A few more days and we have to bid December and the year 2010 goodbye. Enter 2011, specifically the month of January. In the Philippines, January is a month full of merry-making with cities and towns celebrating different festivals.
When you speak of Philippine festivals, those that occur every January are the most famous. They all happen in the Visayas region of the country namely Aklan, Iloilo and Cebu. These festivals are Ati-Atihan Festival of Aklan, Iloilo’s Dinagyang and the world famous Sinulog de Cebu. They are held in honour of the Santo Niño. Hence, these three happen every third and fourth Sunday of the month which is the feast day of the Infant Child Jesus.
Ati Atihan Festival
The quiet little town of Kalibo in Aklan awakens as they celebrate one of the pioneering festivals in the country. Low-key but still a lot of fun with its colourful costumes and distinct black appearance of its dancers ( and even spectators), everyone should experience Ati-Atihan. Known as the “Mother of Philippine Festivals”, Ati- Atihan has been around for more than 700 years. The word Ati Atihan means ” to be like an Ati” referring to the At’s, one of the Philippine’s indigenous people.
A bonus to those who wish to participate is a chance to have fun in the most famous island-resort of the Philippines – Boracay. The island of Boracay is just 2 hours away from Kalibo.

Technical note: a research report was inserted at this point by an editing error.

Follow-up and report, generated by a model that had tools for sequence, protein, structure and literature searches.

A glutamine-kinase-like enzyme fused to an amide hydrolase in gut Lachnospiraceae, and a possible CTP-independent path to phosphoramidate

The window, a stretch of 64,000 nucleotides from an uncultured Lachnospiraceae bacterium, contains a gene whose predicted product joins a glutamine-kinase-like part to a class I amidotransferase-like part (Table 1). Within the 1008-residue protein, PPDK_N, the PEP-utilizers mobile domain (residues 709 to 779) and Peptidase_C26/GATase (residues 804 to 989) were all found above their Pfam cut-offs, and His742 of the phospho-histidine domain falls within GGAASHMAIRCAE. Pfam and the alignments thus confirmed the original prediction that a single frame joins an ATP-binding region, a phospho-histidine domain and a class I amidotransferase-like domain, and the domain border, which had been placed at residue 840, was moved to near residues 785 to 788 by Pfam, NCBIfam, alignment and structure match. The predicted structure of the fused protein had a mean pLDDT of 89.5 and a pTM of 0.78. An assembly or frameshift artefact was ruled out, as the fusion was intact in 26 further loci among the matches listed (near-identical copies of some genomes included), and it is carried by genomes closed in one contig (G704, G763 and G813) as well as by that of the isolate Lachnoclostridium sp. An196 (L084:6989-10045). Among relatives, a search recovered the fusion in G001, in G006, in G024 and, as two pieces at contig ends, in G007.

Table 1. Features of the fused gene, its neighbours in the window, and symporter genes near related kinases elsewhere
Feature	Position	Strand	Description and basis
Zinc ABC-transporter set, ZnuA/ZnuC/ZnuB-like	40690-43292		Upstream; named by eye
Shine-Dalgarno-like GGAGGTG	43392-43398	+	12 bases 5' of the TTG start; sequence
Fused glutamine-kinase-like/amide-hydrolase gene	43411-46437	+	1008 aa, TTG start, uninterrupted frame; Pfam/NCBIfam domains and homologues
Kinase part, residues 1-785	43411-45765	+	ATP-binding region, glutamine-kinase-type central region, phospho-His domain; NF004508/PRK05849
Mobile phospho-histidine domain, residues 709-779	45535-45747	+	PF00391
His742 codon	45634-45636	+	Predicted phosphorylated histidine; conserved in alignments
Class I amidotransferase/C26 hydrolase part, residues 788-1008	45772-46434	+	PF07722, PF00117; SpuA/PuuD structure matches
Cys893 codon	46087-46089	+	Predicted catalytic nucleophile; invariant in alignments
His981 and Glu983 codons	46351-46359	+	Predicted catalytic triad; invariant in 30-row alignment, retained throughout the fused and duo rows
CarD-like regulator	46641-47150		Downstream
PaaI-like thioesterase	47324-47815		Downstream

Cebu’s Sinulog festival is one of the major festivals in the country with millions of pilgrims and tourists flocking to the Queen City of the South every thrid Sunday of January. Held purely in honour of the Blessed Holy Child of Cebu or the Santo Niño, some critics mark this festival as too commercialised and losing the real essence of paying homage to the Child Jesus. Still, the Sinulog is Cebu and Cebuano’s pride as a world-class legacy and bearer of Cebuano’s culture and traditions. Highlight of this festival is the street dancing competitions from different cities and towns all over the country.
Lastly, Iloilo’s Dinagyang Festival. The Ilonggo word “dagyang” means “to be happy” and it is seen in its street dancing in their tribal costumes. Held a week after Ati Atihan and the Sinulog, Iloilo’s festival is an offspring to the Sinulog. The first Dingayang was held when the statue of the Santo Niño from Cebu came to Iloilo. And as a welcome to the Holy Child, Ilonggos danced similar to that of the Sinulog with a little twist of local Ilonggo tradition – that is in tribal costumes with dancers covered in soot. If you analyze the Dingayang, it is the perfect combination of Ati Atihan and Sinulog but there is of course something that is genuinely Ilonggo.
There are plenty of festivals in the country with every town celebrating their own festival. Every month, you can pick a destination if you wish to experience Philippine festivals. But these three festivals in the Visayas is a must- experience and a perfect start for you to jive into the trance of street dancing.